To our knowledge, this is the first study to explore patient preferences for the content and structure of end-of-life discussions, with a focus on understanding cultural differences that could affect end-of-life decision making. We compared the preferences of 2 different ethnic and socioeconomic groups cared for in different practice settings. A variety of themes that were important to participants when describing ideal end-of-life communication were identified and we observed notable differences between the groups (see ). The results of this study serve to confirm some of the differences in cultural preferences and values found elsewhere in the medical literature. In addition, this study offers new insight into how those preferences and values may be addressed when engaging in end-of-life communication, and offers novel directions for further research aimed at enhancing communication with patients and their families.
Several key differences concerning preferred structural components of end-of-life communication were identified between the non-Hispanic white and African-American groups. The non-Hispanic white groups were more exclusive when selecting family members to participate, were more interested in consultation from specialists, and were less interested in participation from spiritual representatives. Differences were also identified in the ideal content of optimal end-of-life discussions. While both groups believed that advance directives are an important feature of end-of-life care and expressed a strong desire to follow the patient's wishes, non-Hispanic white groups expressed a preference for more information about the patient's medical condition, treatment options, and quality of life. Conversely, the African-American groups stressed the importance of spirituality and prayer in decision making, and the need for health care workers to partner with spiritual representatives to improve communication. The central role of spirituality in end-of-life decision making affirmed previous studies about the importance of faith in the healing process among African Americans.30–32
The groups expressed different underlying values that impact the process of end-of-life communication. The African-American groups expressed more concerns about trust in the physician and health care system and emphasized a need to feel respected by health care workers. African-American distrust for the predominantly non-Hispanic white medical system has been described as the legacy of decades of abuse, discrimination, and denial of care that continues with ongoing reports of disparities in the quality and access to health care.33–35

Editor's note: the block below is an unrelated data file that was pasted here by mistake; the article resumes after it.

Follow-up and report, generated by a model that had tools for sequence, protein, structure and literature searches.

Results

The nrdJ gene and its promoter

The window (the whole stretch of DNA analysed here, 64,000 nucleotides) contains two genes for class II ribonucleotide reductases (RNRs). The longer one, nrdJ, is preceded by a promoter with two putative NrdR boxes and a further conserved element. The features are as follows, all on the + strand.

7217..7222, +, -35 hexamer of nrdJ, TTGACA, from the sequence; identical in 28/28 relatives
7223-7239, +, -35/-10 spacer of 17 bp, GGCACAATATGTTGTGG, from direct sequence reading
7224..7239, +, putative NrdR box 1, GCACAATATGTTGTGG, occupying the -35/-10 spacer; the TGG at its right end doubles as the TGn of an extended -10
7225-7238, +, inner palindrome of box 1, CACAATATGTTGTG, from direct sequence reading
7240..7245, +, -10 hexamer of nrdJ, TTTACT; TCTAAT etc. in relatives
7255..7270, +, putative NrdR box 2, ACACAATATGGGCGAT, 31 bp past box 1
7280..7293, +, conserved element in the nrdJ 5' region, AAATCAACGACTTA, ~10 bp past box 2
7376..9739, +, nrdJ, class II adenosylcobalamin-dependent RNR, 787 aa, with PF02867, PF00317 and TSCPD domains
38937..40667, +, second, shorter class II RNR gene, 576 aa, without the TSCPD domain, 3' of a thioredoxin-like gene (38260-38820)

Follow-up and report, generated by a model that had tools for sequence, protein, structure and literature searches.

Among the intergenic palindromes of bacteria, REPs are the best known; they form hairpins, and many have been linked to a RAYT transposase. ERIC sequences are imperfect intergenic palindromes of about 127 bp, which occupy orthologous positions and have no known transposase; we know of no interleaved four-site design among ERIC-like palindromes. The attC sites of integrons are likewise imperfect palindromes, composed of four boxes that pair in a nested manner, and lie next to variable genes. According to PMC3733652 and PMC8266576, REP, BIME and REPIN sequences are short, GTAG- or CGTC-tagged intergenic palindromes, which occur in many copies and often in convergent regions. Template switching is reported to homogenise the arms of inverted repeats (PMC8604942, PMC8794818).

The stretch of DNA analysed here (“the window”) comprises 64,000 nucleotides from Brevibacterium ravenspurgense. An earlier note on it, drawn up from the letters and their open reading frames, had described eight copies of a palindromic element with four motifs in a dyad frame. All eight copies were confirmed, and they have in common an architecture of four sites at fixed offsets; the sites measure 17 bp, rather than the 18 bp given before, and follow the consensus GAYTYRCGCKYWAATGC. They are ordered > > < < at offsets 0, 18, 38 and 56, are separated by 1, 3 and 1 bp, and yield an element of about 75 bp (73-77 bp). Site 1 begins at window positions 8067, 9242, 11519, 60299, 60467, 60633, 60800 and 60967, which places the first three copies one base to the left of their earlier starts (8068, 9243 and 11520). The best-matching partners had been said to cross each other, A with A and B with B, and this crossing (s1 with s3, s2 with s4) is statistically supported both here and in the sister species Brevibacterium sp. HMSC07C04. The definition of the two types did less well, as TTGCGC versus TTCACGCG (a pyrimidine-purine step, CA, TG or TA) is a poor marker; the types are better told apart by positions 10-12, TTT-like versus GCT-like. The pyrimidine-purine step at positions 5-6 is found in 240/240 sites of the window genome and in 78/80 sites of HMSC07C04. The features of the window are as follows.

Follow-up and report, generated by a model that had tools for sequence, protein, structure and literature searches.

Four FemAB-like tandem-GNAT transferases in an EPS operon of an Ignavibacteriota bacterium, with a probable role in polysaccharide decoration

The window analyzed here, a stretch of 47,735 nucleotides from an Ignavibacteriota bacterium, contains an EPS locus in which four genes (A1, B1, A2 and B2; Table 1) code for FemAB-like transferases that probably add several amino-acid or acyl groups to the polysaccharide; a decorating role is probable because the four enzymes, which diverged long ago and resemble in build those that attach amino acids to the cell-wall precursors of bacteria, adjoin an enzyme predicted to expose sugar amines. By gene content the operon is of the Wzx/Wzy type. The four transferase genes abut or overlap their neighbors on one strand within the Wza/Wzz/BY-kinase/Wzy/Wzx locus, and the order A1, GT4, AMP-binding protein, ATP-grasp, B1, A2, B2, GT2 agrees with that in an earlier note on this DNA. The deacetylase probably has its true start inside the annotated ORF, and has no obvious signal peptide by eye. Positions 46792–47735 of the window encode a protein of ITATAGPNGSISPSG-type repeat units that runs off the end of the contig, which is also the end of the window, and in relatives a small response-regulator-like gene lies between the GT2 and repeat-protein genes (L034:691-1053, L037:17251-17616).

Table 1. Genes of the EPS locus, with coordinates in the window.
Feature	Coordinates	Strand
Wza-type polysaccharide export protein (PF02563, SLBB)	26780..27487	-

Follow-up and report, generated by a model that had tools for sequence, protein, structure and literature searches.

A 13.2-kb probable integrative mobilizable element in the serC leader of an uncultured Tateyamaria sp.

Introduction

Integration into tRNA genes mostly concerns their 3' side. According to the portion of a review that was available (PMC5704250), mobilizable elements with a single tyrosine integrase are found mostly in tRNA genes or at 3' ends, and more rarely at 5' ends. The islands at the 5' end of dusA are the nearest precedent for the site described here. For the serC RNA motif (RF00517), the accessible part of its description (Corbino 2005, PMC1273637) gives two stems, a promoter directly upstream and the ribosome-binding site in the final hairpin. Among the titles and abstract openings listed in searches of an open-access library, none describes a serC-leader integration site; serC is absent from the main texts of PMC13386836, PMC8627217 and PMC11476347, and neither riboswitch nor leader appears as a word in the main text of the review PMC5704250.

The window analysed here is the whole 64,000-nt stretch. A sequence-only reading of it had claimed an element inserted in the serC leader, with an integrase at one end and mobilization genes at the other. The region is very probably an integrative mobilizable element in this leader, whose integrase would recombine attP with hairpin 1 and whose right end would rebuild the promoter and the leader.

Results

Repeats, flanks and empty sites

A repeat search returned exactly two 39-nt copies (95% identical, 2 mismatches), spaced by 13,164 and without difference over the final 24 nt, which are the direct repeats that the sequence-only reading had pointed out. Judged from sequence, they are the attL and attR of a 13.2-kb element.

Acknowledging distrust and maintaining a respectful approach to end-of-life discussions may improve communication and facilitate decision making.
The African-American and non-Hispanic white groups expressed differing opinions about the relative importance of protecting quality of life versus the protection of life itself. Several studies support the finding that duration of life is often more valued than quality of life in African Americans.7,36,37
Practitioners may choose to discuss these topics with patients and their families to better understand the values that influence their decision-making strategies and information needs in end-of-life care. Practitioners should also consider how to best communicate when a patient's desire for information and underlying values conflict with the practitioner's perceptions of appropriate care.38
Our study is limited by the fact that we were unable to isolate the effects of ethnicity, socioeconomic status, education, or other social characteristics as indicators of communication beliefs. While the groups were assembled on the basis of the members' ethnicity, it is likely that a number of characteristics influenced the differences seen, and it is not possible to attribute differences to ethnicity alone. The results should not be used to apply stereotyped communication blueprints to patients of a specific ethnicity, socioeconomic status, or any other specific characteristics. Rather, the data generated in this study are best used to stimulate dialogue, encourage exploration of communication preferences, and foster further research. Until more is known, providers may consider exploring some of the issues described as a mechanism to better understand their patients' needs. A simplified model identifying some of the key areas that cultural diversity impacted communication preferences is presented in .
Possible concerns when engaging in end-of-life communication.
Our study highlights the need to further explore the communication preferences of patients from different social and ethnic groups. The participants in these groups represented only two ethnicities and differed significantly in socio-economic resources. Further study with these and other ethnic groups should be conducted, controlling for socio-economic status, to more fully evaluate ethnic variation in end-of-life communication preferences. Clinicians and researchers should directly ask patients and their families to describe how practitioners might improve the communication process to provide patients with the highest quality end-of-life care.